‘Wait Wait&Don’t Tell Me!’ to tape show in Salt Lake
June 9, 2007
National Public Radio’s news quizshow, "Wait Wait&Don’t Tell Me!" owes a piece of its unusual success story to Utah, a state it will revisit this Thursday for a live taping at Kingsbury Hall.
Seven years ago, the Chicago-based show chose Salt Lake City to test its first episode taped in an auditorium full people.
"Wait Wait" Senior Producer Rod Abid, who remembers the 2000 Salt Lake show as one of his first, attributes the change in format to "Wait Wait’s" steady growth in listenership over the years.
Between 2005 and 2006 the show’s ninth year Abid reports the show had a 26 percent increase in listener numbers. "Wait Wait" currently reaches 2.3 million listeners weekly on more than 400 NPR member stations, and is ranked as one of the "most downloaded" podcasts on iTunes.
And Thursday’s "Wait Wait," which will feature stand-up comedienne Paula Poundstone, former Daily Show correspondent Mo Rocca and humorist Tom Bodett, has already sold out.
"Despite the fact we are what they call a ‘mature show’ we’ve become the fastest growing show in NPR by a long shot," he says. "We believe [a live audience] had a huge effect on our listenership."
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Originally, Abid says "Wait Wait" used ISDN lines (telephone lines used for radio shows) to produce the show. While host Peter Sagal would broadcast his quiz questions from a Chicago studio, his co-host and scorekeeper, NPR Early Morning Edition newscaster Carl Kasell phoned in, as did all of the celebrity panelists.
These days, listeners wishing to participate (for the coveted prize: Kasell’s voice on their answering machine), continue to dial-in at 1-888-WAIT-WAIT, but panelists and hosts are together in the same studio.
When "Wait Wait" returns to Kingsbury Hall this week for its third visit to city, wise-cracking panelists stand-up comedienne Paula Poundstone, former Daily Show with Jon Stewart correspondent Mo Rocca and humorist Tom Bodett will fly in.
Abid jokes that Kasell, who routinely gets on a plane every Thursday from Washington, D.C., has earned the status of "knighted" executive class.
The rise in the show’s production costs have been worth the effort, it seems. Giggles or groans from the audience when panelists compete in quizzes or when guests, such as Elizabeth Edwards discussed her first date with former senator John Edwards, have made the show better, according to Abid.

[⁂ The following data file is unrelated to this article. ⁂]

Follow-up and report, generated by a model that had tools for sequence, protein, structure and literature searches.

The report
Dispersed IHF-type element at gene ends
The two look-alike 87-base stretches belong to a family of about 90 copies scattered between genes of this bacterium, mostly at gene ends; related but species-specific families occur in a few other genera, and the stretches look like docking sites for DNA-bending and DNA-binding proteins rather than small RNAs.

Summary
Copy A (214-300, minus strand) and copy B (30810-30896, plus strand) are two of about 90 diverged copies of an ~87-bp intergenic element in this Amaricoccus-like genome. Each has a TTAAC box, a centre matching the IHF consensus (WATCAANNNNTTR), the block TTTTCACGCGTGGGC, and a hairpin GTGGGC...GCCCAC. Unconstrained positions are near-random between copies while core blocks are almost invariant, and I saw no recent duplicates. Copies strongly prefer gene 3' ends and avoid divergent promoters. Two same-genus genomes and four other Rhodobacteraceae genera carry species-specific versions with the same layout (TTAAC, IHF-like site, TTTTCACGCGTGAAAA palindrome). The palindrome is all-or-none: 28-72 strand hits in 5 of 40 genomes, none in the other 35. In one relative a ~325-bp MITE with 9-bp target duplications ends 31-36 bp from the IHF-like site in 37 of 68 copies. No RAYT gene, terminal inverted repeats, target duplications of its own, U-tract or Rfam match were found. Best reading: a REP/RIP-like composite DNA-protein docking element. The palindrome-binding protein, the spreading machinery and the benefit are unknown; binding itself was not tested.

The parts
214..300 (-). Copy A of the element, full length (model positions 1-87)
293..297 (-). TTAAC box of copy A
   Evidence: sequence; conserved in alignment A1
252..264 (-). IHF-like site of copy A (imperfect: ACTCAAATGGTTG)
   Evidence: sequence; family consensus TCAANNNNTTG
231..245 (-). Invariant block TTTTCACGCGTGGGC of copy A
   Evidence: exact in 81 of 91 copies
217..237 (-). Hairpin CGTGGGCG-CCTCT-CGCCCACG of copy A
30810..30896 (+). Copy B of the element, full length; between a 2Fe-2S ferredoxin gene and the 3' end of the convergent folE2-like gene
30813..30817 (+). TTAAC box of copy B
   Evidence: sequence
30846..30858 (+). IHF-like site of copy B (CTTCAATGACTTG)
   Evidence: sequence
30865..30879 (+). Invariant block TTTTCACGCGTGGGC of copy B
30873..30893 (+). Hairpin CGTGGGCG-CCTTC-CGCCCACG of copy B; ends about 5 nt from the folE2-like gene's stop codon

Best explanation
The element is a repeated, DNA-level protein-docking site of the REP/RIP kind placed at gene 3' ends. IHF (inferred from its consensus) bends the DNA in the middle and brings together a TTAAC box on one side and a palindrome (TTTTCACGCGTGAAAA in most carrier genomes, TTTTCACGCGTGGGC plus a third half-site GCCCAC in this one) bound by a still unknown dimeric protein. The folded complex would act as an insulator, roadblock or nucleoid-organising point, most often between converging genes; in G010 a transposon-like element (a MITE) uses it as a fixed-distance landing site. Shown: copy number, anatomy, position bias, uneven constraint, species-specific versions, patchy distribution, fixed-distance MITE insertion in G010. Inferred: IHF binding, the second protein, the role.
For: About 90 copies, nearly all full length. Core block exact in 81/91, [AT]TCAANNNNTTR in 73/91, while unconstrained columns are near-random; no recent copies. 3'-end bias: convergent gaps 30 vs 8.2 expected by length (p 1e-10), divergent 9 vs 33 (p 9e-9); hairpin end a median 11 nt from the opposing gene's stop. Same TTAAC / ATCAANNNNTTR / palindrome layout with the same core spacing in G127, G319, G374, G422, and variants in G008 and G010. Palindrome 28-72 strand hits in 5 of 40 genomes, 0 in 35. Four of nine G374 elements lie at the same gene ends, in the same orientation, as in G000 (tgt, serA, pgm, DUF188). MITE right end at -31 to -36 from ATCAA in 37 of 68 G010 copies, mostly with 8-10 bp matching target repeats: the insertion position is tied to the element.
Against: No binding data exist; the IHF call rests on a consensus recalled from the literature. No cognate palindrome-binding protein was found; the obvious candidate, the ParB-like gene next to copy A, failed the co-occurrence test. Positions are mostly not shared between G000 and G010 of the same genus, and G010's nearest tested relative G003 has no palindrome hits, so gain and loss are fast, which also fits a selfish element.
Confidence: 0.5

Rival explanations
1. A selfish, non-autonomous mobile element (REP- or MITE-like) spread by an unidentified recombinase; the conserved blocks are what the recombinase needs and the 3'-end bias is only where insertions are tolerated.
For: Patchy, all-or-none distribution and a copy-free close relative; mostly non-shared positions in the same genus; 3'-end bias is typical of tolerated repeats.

"I think it sharpened everybody’s abilities to be on stage with one another and the fact that other people were laughing at their stuff, added a level of excitement and motivation," he said. "The audience gives you permission to take material over the edge and it’s really important when you’re doing satire and comedy to have the ability to do that."
But not too far over the edge. While panelists are encouraged to riff and improvise throughout a taping, there are limits.
"Since our show airs in so many markets, on Saturday and Sunday mornings, we try to make sure it’s not ‘R’ rated," says Abid. "We’re definitely a family-hour show and we like a good ribald joke as much as the next guy, but we try to do it in a way that only an adult or a knowing child would understand&we rely on innuendo as much as possible."
In preparation for the Salt Lake taping, Abid, along with four other producers will spend Monday through Wednesday perusing the Web for funny ways to incororate the big stories into the various "Wait Wait" games. They rely so heavily on the Internet, Abid supposes that the show could not exist without it.
Abid did not reveal any of his go-to news Web sites.
"We’re a pretty friendly show when it comes to competition," he assures. "We don’t feel our job is to show anybody up on the air. Our job is to make the contestant feel comfortable."
Staying abreast of top stories in the news is the best way to train for "Wait Wait," he advises, though sometimes the show shies away from topics that are too serious to mock.
Abid mentions that the week of the Virginia Tech shootings, for instance, was particularly tough. "Even if you felt privately that [shooter Seung-Hui Cho] was kind of goofy, there just wasn’t anything to be gained from making fun of him. There’s no comedy in stories like that."
As far as the future of the show is concerned, Abid says there are no plans to take the show to television, as other Chicago Public Radio shows, like "This American Life," have done. "Wait Wait&Don’t Tell Me!" isn’t very visual, he says, its more of a "glorified lecture forum, with laughs."
"Our first devotion is to our stations in radioland," Abid says.
The Salt Lake taping of "Wait Wait Don’t Tell Me" will air Saturday, June 16 on KUER FM90 at 11 a.m.